Thursday 23 June 2016

Visit to the Natural History Musem in London - part I

Today I decided to visit the Natural History Museum in London. I've seen it a few times before, but never bothered to take any pictures. It was nice to see again the stuff there, but I couldn't notice the few shortcomings this museum has. First, despite the rich collection of millions of specimens, very few are on display, I've seen much smaller museums having more exponates shown. Second, even if pretty big and spacious building, a lot of that is wasted of souvenir shops, kid's entertainment, restaurants and plainly bad space management, instead of being used to put on display hundreds of thousands more specimens. All in all, shame its made to look like "Disneyland"-style show with section called "Creepy Crawlers" and other bullshit instead of being place where one can see more about the nature. Third, most of the first and second floor and some sections on the ground floor were closed. Reasons being: "Puppet show" for pre-school age children in the shellfish section. And last, despite being promoted as place were one can do some research or find answers of nature related questions, happen that due to the nature and size of the collections, this is not so easy and I am not yet sure if its even possible.

Seeing that I feel sorry for the pitiful condition of the now-day life sciences, but I guess it is simply reflection of the human nature, which makes us more interested in things that can bring us direct benefit and sorting the taxonomy of some obscure insect family is not one of these.

On the bright side, even if not many some of the specimens are exceptionally rare, like full sized Moa model, Sivatherium skull and others. Below I'll post few of the pictures and video clips I took.

And if you want to see a few pictures and clips from the somewhat similar Grant Museum of Zoology click here.

Museum entrance

Diplodocus carnegii is the very first thing a visitor will see when enter the museum

Great bustard (Otis tarda), one of the heaviest flying bird in the World is on display in the central hall 
Wasp nests, left Polybia scutellaris, middle - Chartergus metanotalus and Pseudopolybia compressa at far right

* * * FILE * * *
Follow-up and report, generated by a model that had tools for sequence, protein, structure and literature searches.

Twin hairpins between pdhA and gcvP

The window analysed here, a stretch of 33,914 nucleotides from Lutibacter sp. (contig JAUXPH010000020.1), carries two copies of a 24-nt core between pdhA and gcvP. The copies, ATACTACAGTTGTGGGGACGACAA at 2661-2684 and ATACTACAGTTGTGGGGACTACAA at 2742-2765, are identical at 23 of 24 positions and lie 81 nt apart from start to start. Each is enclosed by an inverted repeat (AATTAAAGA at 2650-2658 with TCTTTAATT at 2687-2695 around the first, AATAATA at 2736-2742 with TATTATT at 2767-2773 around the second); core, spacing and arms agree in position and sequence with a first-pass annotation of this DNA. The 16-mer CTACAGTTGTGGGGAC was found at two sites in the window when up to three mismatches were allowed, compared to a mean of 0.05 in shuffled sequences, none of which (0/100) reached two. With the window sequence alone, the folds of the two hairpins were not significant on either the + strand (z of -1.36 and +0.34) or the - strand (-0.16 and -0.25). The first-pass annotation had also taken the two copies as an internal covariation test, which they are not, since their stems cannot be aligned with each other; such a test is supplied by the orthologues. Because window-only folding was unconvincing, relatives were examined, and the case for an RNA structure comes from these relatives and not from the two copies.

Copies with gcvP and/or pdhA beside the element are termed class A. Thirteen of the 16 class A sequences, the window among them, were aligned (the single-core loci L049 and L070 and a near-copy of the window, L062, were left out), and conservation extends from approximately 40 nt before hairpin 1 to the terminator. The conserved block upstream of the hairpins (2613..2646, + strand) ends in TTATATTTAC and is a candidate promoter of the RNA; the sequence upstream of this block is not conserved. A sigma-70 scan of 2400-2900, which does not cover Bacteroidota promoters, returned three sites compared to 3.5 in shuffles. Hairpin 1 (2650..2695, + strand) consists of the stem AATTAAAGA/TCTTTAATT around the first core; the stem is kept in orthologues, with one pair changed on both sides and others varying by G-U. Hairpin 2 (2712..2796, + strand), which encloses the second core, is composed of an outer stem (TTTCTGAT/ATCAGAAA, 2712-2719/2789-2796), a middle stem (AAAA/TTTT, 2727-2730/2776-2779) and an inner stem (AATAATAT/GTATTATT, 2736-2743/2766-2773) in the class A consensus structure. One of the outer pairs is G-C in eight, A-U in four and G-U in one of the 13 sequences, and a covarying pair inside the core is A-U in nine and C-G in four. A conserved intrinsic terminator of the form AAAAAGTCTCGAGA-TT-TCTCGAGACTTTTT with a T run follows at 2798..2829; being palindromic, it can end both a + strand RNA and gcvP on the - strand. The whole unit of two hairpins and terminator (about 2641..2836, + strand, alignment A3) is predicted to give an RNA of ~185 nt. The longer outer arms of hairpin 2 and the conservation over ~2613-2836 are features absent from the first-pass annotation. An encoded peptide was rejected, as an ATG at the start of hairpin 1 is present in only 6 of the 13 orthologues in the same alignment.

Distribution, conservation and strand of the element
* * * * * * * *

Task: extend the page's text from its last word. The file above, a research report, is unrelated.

South Island giant moa (Dinornis robustus)

Flint knaped hand axe, probably hundreds of thousands years old
Ancient amphibian, superficially looks like crocodile, but it is in fact related to frogs and salamanders
Elephant bird egg

Ophthalmosaurus icenicus, type of Ichthyosaurus
Petrified tree trunk
Dinosaurus eggs and hatchlings 
Parasaurolophus skull
Centrosaurus skull

Coco de mer (Lodoicea maldivica) nut, the largest seed in the World and very rare at that
In the museum can be seen two reconstructions of the Dodo, under two different names.
This one is called "Dodo (Raphus cucullatus)"
And this one "Reunion Island dodo (Raphus solitarius)", however both looks are guesses and probably there was only one species
Polar bear

Thylacosmilus skull
Thylacine (Thylacinus cynocephalus), the colours are faded
Arsinoitherium zitteli,  animal superficially resembling Rhinoceros, but in fact related to Elephants and Manatees 
Real life sized model of a Blue Whale (Balaenoptera musculus)

Head of Blue Whale
Asian and African Elephants wit giant tusk between them

Yak (Bos mutus)

Giant deer (Megaloceros giganteus)
Gian deer (Megaloceros), impressive animal
Giant deer (Megaloceros), with even more impressive antlers 

Huge Elephant tusks and skeleton of Sperm whale
Skulls of prehistoric elephants 
Mammals NHS
Skull of two-horned narval
Steller's sea cows (Hydrodamalis gigas)
Steller's sea cow skull
Paleoparadoxia tabatai
H. neanderthalensis life size model. Its said that Neanderthals have some specific differences, like shape of the rib-cage, skull, etc, but I wonder if they actually lay somewhere on the range of the H. sapiens variations
Neanderthal model
I'd say that a Neanderthal could pass for modern human, which is not so much because of the similarities, but rather, because of the huge variations of the human phenotype. 
Another view of the Neanderthal head
The feet of H. neanderthalensis. I am not sure how correct is that reconstruction, but these feet look a bit to flat and broad for standard human

Homo habilis and H. rudolfensis skulls

Homo floresiensis head model, female
Homo floresiensis skull
Homo floresiensis skelleton
Homo erectus skulls
Paranthropus boisei and P. robustus skulls
Australopithecus sediba between chimp and human skeletons. It really looks like something in the middle, body and head ape-like, but limbs are rather like ours.
Knapped hand axes, the age of some of them is up to 0.5 Million years old
Knapped hand axes, the age of some of them is up to 0.5 Million years old
Knapped hand axes, the age of some of them is up to 0.5 Million years old
Model of what happen during sex
Relief model of the Earth

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